The rallies snowballed into a nationwide movement that marked the first serious challenge to President Recep Tayyip Erdogan’s brand of Islamic conservatism and grandiose development projects.
The 657-page indictment seeks to paint the protests as a foreign-directed conspiracy with links to the Arab Spring, which, ironically, the Turkish government supported.
“None of these actions were coincidental... they were supported from the outside as an operation to bring the Turkish Republic to its knees,” the indictment says.
Amnesty International’s Andrew Gardner said the trial “speaks volumes about the deeply flawed judiciary that has allowed this political witch-hunt to take place.
“It is absurdly attempting to portray routine civil society activities as crimes,” he said.
“The idea that Osman Kavala led the conspiracy is utterly outlandish and unsupported by any credible evidence,” Emma Sinclair-Webb, the Turkey director of Human Rights Watch (HRW), told AFP.
One of the allegations is the claim that a map on Kavala’s phone showing bee species actually depicted his plans to redraw Turkey’s borders.
There has been a renewed crackdown on dissidents since a coup attempt in 2016, blamed by the government on US-based Muslim preacher Fethullah Gulen, with thousands arrested and tens of thousands sacked from public sector, media and military jobs.
A respected figure in intellectual circles, Kavala is chairman of the Anatolian Culture Foundation, which seeks to bridge ethnic and regional divides through art, including with neighboring Armenia, with which Turkey has no diplomatic ties.
“I was involved in projects contributing to peace and reconciliation. There is not a single piece of evidence or proof in the indictment that I prepared the ground for a military coup,” Kavala told the court.
Think tank researcher Yigit Aksakoglu was also in pre-trial detention — since November — while six of the rest are being tried in absentia after fleeing Turkey, including actor Memet Ali Alabora and dissident journalist Can Dundar.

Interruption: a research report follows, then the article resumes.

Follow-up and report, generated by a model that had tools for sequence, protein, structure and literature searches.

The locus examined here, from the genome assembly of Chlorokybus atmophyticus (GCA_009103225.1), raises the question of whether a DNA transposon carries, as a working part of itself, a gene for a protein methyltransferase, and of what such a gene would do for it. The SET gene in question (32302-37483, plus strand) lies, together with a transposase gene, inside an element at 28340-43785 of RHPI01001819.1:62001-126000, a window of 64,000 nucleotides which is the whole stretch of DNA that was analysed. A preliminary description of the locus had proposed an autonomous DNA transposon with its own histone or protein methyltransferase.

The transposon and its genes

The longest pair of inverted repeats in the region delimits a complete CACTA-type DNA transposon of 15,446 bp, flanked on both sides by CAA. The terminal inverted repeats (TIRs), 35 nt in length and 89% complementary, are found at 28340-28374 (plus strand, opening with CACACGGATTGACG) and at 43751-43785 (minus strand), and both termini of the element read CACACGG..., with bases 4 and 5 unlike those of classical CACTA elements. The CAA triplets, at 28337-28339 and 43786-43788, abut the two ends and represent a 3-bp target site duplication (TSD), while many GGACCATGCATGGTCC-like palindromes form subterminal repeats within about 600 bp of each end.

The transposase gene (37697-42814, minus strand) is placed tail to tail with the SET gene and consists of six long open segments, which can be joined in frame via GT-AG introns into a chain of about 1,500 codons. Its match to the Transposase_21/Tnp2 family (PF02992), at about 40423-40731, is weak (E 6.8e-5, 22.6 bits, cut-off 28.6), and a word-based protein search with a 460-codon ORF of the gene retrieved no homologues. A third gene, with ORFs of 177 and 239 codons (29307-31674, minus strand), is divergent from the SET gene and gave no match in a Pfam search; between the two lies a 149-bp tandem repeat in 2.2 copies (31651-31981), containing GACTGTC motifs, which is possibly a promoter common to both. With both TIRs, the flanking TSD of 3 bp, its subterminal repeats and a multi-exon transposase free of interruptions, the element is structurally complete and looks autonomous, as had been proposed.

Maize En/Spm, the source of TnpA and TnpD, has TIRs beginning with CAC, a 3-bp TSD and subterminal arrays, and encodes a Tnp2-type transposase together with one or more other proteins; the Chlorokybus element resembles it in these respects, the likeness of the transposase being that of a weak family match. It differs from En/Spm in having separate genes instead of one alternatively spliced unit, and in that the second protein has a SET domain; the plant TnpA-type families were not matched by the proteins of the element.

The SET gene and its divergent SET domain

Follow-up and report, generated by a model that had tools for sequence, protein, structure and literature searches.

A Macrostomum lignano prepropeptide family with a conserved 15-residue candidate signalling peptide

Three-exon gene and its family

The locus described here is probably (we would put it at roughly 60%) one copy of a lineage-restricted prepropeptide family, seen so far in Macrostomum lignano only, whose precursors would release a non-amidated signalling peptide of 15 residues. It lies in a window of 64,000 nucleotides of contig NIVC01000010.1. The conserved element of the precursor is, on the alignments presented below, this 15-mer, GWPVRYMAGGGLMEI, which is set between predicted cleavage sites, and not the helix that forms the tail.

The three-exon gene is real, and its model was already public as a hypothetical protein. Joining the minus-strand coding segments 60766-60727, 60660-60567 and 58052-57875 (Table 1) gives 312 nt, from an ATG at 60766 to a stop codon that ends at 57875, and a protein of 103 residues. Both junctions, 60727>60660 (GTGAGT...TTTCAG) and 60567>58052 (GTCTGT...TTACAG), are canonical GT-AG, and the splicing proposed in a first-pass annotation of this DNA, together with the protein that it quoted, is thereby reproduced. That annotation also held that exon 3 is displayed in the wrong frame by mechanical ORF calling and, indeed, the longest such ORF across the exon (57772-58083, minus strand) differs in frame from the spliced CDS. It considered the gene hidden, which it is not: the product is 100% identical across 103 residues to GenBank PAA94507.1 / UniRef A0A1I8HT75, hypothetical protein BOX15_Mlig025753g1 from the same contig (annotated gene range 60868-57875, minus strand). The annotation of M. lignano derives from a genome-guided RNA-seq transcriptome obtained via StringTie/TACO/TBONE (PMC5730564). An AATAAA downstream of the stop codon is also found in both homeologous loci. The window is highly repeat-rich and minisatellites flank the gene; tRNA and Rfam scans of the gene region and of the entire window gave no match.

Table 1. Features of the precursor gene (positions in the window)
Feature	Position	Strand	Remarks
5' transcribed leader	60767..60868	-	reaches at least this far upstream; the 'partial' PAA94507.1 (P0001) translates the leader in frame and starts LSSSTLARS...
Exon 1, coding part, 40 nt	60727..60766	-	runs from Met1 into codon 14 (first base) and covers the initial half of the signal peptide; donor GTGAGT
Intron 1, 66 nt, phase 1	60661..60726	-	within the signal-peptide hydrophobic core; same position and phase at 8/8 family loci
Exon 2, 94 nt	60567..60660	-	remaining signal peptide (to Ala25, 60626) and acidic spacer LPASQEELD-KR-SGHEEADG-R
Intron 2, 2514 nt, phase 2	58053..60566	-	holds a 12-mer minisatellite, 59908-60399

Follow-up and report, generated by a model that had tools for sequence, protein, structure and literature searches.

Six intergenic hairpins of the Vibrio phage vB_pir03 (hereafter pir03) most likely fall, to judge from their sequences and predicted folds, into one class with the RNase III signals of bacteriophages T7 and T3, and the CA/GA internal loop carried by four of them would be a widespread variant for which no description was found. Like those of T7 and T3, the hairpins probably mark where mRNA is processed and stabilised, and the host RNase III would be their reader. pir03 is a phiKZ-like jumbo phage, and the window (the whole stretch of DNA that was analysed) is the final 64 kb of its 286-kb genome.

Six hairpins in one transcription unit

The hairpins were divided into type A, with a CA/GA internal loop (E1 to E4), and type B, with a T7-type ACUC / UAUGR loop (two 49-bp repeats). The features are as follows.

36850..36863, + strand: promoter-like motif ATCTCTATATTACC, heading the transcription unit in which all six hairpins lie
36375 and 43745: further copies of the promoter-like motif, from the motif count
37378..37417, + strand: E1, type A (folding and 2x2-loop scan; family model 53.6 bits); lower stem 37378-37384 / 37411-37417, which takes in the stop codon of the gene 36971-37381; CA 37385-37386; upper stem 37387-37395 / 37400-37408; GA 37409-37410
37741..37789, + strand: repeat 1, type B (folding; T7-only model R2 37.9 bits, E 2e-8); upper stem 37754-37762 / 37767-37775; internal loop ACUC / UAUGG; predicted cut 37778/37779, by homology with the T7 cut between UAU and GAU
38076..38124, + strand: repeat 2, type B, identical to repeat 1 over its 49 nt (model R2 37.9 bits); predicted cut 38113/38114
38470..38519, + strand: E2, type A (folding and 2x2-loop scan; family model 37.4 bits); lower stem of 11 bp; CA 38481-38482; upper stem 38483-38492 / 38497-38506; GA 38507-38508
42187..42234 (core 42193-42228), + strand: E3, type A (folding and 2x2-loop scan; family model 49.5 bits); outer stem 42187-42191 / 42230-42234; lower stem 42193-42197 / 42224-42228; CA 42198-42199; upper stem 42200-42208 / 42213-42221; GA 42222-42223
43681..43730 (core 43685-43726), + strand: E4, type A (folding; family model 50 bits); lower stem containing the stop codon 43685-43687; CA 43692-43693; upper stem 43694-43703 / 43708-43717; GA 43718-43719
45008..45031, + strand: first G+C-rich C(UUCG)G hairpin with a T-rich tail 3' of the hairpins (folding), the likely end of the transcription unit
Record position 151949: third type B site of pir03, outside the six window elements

The case against Alabora focuses on his appearance in a play featuring a revolt against the ruler of a fictional country.
Others, including architect Mucella Yapici, have already been tried and acquitted for their role in the Gezi Park protests in 2015.
“I am on trial for the second time on the same charges. Peaceful protests cannot be banned. They are a right,” Yapici told the court on Monday.
Erdogan has linked Kavala to US billionaire George Soros, whose efforts to promote democracy around the world have made him a target for several authoritarian leaders.
Last year, Erdogan said Kavala was the representative in Turkey of the “famous Hungarian Jew Soros” whom he accused of trying to “divide and tear up nations.”
Soros’s Open Society Foundation, which ceased activities in Turkey last year, called Monday’s trial a “political sham.”
“At some earlier stage in Turkey’s descent into authoritarian rule, one might have described this trial as a test of judicial independence... but such exams have already been held, and the failing grades were handed down long ago,” wrote Freedom House, a US-based rights group, this week.
“The point of the coming show trial is quite simply to intimidate Turkish citizens and deter them from exercising their rights,” it added.
The hearing will continue on Tuesday.